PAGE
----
How to Tune a 50CC Scooterby Tom Lutzenberger
Tuning a scooter can provide a noticeable boost in power if performed correctly, and it can be done inexpensively. To tune a scooter, you need to understand the relationship between sufficient fuel flow, air intake, and how a combustion scooter engine works. In doing so, then you can tweak the three-part formula to increase power output and efficiency from your scooter. The difference can be a peppy two-wheeled vehicle versus a sluggish mode of transport.
Use a socket wrench to loosen the stock exhaust pipe connected to the scooter engine cylinder exhaust stub. Use a larger socket and the wrench to loosen the stud holding the pipe to the engine frame next.
Take a small piece of wood and position it on the downpipe of the exhaust. Smack the other end of the wood piece with a hammer to free the exhaust. Remove the old exhaust. Purchase a performance exhaust that fits your scooter engine. Position the new pipe under engine.
Connect the downpipe of the performance exhaust to the cylinder. Bump it up into the cylinder with a rubber mallet. Secure the main exhaust bracket to the engine frame with a stud and socket wrench. Either connect downpipe spring hooks or tighten the cylinder stub clamp on the pipe to hold it to the cylinder.
Disconnect the ignition cap on the spark plug in the engine cylinder. Use your socket wrench to loosen and remove the stock spark plug. Replace it with a new one that runs at least one grade colder, which is needed for a hotter performance exhaust. Tighten the new spark plug with the socket wrench. Replace the ignition cap.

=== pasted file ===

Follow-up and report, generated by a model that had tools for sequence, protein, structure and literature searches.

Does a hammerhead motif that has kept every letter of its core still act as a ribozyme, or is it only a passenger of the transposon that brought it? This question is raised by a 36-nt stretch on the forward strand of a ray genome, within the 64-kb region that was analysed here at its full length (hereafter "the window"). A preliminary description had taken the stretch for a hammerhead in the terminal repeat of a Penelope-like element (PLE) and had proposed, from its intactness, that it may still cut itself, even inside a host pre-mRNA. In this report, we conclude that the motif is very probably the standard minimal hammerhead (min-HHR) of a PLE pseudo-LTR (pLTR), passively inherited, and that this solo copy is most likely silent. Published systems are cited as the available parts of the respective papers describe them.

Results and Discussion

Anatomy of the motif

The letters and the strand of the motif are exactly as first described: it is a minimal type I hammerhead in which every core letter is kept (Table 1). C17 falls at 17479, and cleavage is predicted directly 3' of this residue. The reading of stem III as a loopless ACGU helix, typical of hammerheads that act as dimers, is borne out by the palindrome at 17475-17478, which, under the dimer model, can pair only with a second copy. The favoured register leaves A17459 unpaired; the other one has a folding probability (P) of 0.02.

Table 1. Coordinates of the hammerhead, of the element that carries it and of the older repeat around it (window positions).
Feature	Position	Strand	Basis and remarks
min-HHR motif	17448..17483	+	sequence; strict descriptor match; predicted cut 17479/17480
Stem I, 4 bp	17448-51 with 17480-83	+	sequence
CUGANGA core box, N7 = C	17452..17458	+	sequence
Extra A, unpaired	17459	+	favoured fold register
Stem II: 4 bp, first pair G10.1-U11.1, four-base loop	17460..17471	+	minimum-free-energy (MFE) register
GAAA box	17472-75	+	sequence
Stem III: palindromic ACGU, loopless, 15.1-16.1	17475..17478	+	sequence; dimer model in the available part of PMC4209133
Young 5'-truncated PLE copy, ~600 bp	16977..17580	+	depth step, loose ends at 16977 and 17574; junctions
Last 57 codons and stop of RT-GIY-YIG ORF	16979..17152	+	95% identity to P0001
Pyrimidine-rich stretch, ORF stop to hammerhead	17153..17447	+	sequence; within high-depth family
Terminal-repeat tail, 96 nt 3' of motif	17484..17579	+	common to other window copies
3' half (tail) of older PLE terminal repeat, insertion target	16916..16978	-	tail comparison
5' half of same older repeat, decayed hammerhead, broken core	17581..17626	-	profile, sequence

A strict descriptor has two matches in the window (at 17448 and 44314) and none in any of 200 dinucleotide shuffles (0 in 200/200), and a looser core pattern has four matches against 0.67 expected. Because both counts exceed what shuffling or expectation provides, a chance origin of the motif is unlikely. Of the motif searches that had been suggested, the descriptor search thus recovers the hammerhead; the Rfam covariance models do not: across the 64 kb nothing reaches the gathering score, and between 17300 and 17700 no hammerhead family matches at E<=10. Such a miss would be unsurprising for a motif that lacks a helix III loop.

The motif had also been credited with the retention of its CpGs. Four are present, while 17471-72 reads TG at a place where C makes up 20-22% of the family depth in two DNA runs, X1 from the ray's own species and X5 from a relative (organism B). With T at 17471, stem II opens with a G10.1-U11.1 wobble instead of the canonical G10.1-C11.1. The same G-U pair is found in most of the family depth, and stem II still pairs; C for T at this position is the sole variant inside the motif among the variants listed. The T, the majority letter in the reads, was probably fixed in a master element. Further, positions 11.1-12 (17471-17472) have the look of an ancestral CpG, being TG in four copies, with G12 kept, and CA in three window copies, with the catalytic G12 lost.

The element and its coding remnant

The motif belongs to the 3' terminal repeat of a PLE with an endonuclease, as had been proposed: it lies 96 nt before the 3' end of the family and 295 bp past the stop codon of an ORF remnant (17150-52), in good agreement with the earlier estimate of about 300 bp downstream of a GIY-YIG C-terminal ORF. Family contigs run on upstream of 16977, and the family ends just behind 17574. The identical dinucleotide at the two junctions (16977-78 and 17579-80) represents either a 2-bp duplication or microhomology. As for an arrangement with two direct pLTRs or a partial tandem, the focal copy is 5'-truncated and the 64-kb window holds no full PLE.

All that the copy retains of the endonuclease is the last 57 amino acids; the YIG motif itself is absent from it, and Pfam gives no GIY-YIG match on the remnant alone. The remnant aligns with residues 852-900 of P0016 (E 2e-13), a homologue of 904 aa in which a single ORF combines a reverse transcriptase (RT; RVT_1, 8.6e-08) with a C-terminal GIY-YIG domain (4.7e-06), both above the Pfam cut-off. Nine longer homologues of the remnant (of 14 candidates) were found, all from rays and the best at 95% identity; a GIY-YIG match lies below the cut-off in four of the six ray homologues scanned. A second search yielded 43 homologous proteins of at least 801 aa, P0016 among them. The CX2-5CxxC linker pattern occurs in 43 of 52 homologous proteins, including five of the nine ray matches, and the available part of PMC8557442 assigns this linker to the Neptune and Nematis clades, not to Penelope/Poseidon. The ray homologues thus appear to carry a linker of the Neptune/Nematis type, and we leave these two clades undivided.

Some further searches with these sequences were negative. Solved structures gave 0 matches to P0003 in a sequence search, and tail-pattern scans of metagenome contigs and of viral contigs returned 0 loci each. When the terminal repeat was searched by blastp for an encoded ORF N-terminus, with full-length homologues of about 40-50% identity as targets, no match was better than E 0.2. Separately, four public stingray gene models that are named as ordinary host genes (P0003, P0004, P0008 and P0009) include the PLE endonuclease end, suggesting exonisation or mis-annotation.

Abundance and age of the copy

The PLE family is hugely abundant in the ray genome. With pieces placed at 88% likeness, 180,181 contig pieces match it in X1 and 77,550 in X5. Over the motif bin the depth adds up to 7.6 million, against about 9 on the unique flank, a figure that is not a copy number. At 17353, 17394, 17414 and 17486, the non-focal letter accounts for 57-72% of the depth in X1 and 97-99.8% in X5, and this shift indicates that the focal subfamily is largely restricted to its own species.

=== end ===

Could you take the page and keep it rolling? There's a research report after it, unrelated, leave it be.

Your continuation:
Use a screwdriver to disconnect the carburetor from the intake pipe or hose. Unscrew the bottom of the carburetor with a crescent wrench. Remove the current stock main jet with a flathead screwdriver. Replace it with a larger main jet per the performance exhaust manufacturer's recommendation. Close up the carburetor, tighten the bottom with the crescent wrench and reconnect it to the intake hose.
Start the scooter engine and let it idle. Confirm the scooter engine can run in park with no issues. Take the scooter for a ride and bring extra jets and spark plugs with you. After 20 minutes pull over and turn it off.
Use a socket wrench to loosen and remove the spark plug. Look at the color of the plug tip. Put the plug back in if the color is brown. Change the main jet to a bigger one if the color is chalky white. Use a hotter spark plug if it is oily black.
- It's always better to foul spark plugs running with too much fuel than not enough. Spark plugs are cheap and easy to replace. The opposite could cost you a cylinder and piston, which are much more expensive.
Things You'll Need
- Socket wrench and sockets
- Small piece of wood
- New performance exhaust for your scooter
- Rubber mallet
- Different grades of spark plugs (hotter and colder)
- Screwdrivers (Phillips and flathead style)
- Multiple sizes of carburetor jets
- If you feel the scooter suddenly tugging when riding it at full throttle, you may be experience a soft seize, where the engine is running too hot without enough lubrication. Cut the engine immediately and coast in neutral until you can safely pull over and stop. Letting in run while seizing will eventually destroy the engine.
Since 2009 Tom Lutzenberger has written for various websites, covering topics ranging from finance to automotive history. Lutzenberger works in public finance and policy and consults on a variety of analytical services. His education includes a Bachelor of Arts in English and political science from Saint Mary's College and a Master of Business Administration in finance and marketing from California State University, Sacramento.